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Discussion Starter · #1 ·
Hey Riders,

I wanted to check-in and see what tire pressure everyone was running. I'm 200lbs and after 30minutes of freeway use my tire pressure is 42/43 front 46/47 rear. I'm thinking of lowering -2 PSI in each tire. Thoughts?
 

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I noticed last year that my tire pressure increased as the tires warmed up.. I just left them as they are.

My reasoning is, in the past 20+ yrs.(big twin years). I checked my tire pressure if they looked low and before long trips.. and it worked fine.. If I'm hitting a lot of hills and curves I may check them.. but I like to push things to my limitation..
 

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Had a couple of chances in the last year or so to chat with a couple of tires reps - Avon & Bridgestone. Both recommended keeping the pressure on the high side for better tire mileage.
 

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sidewall pressure is usually the max. the correct tire pressure is found in the manual. it may also be somewhere on the bike. for chieftain, correct cold tire pressure is 36 front and 41 rear (page 114 manual)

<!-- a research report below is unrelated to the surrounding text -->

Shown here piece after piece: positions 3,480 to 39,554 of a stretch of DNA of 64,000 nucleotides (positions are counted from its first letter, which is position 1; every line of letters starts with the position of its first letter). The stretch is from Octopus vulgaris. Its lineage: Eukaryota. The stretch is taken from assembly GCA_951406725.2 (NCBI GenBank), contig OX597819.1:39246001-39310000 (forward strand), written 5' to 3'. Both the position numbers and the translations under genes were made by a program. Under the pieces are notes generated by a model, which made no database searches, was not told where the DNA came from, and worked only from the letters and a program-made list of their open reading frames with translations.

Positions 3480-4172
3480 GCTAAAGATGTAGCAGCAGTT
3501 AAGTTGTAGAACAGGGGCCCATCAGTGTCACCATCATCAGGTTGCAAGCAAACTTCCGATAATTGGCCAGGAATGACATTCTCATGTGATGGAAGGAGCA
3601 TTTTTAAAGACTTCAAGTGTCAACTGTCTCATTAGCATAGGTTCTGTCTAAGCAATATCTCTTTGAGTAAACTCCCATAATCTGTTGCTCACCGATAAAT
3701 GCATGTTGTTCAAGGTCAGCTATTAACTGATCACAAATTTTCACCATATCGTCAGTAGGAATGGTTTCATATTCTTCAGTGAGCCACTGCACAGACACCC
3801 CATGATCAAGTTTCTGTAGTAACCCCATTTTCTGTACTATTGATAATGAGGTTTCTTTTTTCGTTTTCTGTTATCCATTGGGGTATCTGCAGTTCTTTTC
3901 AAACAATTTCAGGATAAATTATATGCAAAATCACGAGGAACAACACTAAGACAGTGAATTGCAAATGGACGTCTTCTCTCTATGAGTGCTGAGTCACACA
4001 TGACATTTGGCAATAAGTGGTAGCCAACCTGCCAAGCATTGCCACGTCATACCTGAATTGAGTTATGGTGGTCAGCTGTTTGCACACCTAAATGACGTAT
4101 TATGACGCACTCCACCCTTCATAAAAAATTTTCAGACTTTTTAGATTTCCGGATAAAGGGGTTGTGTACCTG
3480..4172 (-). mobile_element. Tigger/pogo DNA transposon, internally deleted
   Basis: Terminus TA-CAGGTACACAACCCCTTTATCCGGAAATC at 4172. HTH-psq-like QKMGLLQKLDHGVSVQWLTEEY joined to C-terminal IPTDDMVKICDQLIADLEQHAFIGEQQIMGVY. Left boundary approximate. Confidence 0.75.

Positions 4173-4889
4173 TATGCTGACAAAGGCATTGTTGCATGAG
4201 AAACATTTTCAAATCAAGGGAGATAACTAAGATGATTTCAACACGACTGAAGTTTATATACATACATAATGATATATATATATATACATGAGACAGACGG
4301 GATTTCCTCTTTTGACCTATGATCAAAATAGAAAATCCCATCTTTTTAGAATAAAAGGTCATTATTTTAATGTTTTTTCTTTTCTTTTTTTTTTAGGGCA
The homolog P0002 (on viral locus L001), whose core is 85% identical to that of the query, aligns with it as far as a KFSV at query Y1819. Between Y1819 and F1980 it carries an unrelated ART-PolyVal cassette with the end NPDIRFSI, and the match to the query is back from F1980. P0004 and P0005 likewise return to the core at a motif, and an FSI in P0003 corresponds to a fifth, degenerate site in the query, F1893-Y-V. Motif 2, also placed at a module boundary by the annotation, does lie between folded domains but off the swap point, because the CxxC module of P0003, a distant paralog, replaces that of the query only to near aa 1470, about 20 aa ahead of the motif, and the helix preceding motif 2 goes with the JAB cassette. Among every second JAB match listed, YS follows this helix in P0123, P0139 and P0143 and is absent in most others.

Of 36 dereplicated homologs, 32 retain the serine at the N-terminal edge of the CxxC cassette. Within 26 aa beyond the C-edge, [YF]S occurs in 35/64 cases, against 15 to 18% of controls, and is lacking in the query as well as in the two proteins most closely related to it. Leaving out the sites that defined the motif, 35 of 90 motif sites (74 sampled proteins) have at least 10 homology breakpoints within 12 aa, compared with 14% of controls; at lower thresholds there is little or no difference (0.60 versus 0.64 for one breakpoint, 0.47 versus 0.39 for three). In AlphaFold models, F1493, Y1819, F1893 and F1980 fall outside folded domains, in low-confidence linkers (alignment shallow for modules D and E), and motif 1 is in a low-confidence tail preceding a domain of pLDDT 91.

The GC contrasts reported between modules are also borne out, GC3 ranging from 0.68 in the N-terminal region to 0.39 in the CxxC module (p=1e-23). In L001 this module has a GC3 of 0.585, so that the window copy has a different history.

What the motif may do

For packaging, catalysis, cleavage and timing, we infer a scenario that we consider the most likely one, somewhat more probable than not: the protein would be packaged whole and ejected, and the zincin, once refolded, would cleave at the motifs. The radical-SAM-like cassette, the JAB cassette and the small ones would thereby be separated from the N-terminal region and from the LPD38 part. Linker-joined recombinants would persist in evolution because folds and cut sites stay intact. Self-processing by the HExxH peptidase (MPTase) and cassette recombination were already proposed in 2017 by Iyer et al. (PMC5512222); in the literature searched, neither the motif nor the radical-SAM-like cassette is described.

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sidewall pressure is usually the max. the correct tire pressure is found in the manual. it may also be somewhere on the bike. for chieftain, correct cold tire pressure is 36 front and 41 rear (page 114 manual)
Yep, don't exceed the max pressure indicated on the sidewall. Just remember, the pressure recommendations in the owner's manual only apply to the originally installed OEM tires. Unless you replace them with the same exact tires, use the sidewall information on the new tires and not the owner's manual information when setting tire pressure.